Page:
Friday, November 19, 2010

"In a world before Ginter...": 1986 Topps Mini Leaders

One of the sets I got back in touch with this week, while pulling cards for Bo, was the '86 Topps mini set, also known as '86 Topps Leaders. I *loved* this set when it came out. It had sort of a meteoric rise and fall, as it was scarce at release, but another run of the cards made its way to retail and hobby stores pretty quickly and kinda flooded us out at the time, as I remember it. I managed to buy a ton of the cards and put together a few sets at the time, which have mostly been collecting dust for the past 2 decades, but going through what I have this week really rekindled my love for them.

As you can see above, the design was pretty simple, but elegant. I think these cards were well ahead of their time, both as a Topps product and in general. Their popularity at the time led Fleer to do a mini set (which were an awkward size, too small to be really legible or easy to handle, as opposed to the Topps variety, which were closer in size to the Topps 1975 minis), and probably set in motion the circumstances that made Topps think that doing a "micro" version of the 1992 set was a good idea. Topps Micro kinda killed mini cards for about 14 years until Allen & Ginter came out, if I'm not mistaken.
All talk about print runs, trends and such aside, my point in posting about '86 Topps minis is that they're beautiful cards, so let's have a better look at them. I started you off with one of the eight million cards on which Eddie Murray looks like a badass, but here's some more of some other guys.

Card #2, Cal Ripken. There were some really nice candid or candid-esque shots in this set, and I don't know that a better one was ever made of this guy, even with the ton of Ripken cards out there.

Card #4, Dennis "Oil Can" Boyd. He looks like he's going to jump off the card here. Love the soft focus on the Fenway background, too.

Card #23, Bert Blyleven. Knowing what we know about Bert, he's probably basking in post-fart afterglow, maybe bragging to a teammate or even the cameraman about it.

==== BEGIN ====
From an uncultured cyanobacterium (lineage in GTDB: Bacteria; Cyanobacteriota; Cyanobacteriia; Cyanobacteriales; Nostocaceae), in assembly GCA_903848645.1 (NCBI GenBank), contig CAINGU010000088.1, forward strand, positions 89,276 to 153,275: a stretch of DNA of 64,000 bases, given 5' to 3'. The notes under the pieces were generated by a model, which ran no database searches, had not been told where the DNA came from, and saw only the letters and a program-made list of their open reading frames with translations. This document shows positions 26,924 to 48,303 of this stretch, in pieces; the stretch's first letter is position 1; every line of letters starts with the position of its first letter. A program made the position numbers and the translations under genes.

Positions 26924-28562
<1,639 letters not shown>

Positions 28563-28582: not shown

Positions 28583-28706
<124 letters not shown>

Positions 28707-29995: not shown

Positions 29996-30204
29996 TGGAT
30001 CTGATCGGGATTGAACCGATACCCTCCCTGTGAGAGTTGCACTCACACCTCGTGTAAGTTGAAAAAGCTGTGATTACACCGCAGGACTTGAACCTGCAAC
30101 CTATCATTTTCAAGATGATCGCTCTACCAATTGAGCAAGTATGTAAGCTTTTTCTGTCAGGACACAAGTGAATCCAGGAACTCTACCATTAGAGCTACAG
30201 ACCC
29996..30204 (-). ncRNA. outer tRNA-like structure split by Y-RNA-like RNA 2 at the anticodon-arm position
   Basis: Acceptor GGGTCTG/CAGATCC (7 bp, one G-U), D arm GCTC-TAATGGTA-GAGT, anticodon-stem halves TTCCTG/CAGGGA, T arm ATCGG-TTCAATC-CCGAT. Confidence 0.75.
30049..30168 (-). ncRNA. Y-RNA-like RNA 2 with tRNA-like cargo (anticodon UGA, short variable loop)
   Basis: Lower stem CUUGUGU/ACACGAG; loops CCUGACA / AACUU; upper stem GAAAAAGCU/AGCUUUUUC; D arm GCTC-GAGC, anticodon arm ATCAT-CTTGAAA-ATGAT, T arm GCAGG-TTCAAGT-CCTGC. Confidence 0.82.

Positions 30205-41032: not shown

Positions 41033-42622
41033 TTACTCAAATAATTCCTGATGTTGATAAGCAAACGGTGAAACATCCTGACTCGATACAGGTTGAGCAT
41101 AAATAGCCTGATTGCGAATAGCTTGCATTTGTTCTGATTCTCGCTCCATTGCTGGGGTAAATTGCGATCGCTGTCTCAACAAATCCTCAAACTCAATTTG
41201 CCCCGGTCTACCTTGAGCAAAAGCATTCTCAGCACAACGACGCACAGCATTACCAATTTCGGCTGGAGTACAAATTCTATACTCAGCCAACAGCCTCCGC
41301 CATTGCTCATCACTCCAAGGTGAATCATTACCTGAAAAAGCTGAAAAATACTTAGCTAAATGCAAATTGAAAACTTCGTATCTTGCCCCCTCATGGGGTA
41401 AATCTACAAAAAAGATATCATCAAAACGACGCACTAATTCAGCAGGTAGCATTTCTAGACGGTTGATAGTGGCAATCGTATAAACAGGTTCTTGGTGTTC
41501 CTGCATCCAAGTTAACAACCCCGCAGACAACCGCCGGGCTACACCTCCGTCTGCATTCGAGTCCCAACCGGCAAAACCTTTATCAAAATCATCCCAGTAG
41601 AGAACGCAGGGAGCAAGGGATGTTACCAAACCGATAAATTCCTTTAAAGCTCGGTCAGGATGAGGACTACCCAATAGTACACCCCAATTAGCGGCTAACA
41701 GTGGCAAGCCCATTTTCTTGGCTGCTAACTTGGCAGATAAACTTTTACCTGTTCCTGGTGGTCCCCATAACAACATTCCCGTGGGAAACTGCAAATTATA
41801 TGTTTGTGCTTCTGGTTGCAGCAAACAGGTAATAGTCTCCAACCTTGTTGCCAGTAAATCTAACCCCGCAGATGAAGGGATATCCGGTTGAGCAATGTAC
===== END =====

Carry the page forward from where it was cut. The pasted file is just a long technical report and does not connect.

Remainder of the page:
Card #26, Ron Guidry. Gator looks like Daredevil in his follow-through here, about to fight a whole mess of Hand ninjas. You'll notice on this card and the next one that the centering was off, which was the one production issue with these cards.

Card #31, Gorman Thomas. This picture was taken toward the end of Gorman's "Lost Weekend" period, when he had a lousy time in Cleveland and inexplicably ended up on the Seattle Mariners. I have two theories as to how Gorman got there: either the Pilots/Brewers thing confused him, or he just needed a ride back to Milwaukee and they were headed that way, albeit very slowly. It had nothing to do with the Tony Bernazard trade, believe me.

Card #35, Jimmy Key. Another nice candid shot of a guy who I wish had been a Yankee for longer, back when I wasn't too mad at the Yankees to watch them or root for them (a story for another day). His hat looks a little big for him in this shot.

Card #36, Dave Stieb. Fantastic pitcher. Yet another nice candid shot. Dave seems to be thinking "Did I leave the iron on?"

Card #44, Pedro Guerrero. In this photo, Pedro Guerrero is completely and utterly destroying a baseball. You don't hear too many people talking about Pedro these days, but he was a monster.

"You put all the best hitters in baseball in the same park year-round, and at the end of the year Pedro would have the best stats, counting average, power, walks, everything."
-Bill James, "Rain Delay", from the 1988 Baseball Abstract

Card #52, Dwight Gooden, closes out my look at the set, because it's Gooden and it was the mid-80's and anything was possible.

If you like this set, I highly recommend that you go get it. Sets and unopened boxes are super cheap on eBay, even by mid-to-late '80s junk wax/oddball standards (a set should run you well under $10 shipped). Remember, this set turns 25 next year and, even for a small set (66 cards), it has a mess of Hall Of Famers in it (12 and counting, including Nolan Ryan and the Ripken card I posted above). Eventually, even with these cards being released at the beginning of the great card glut, I think collectors will take notice and start scooping them up. They should, anyway, just on sheer awesomeness, which has to count for something.

1 comment:

  1. Great memories... I busted a bunch of this stuff when I was little. The Gooden card is nice... he has some of the best action shots on cards. I also like the Stieb too... I went to the same HS as him... although he was long gone by the time I got there.


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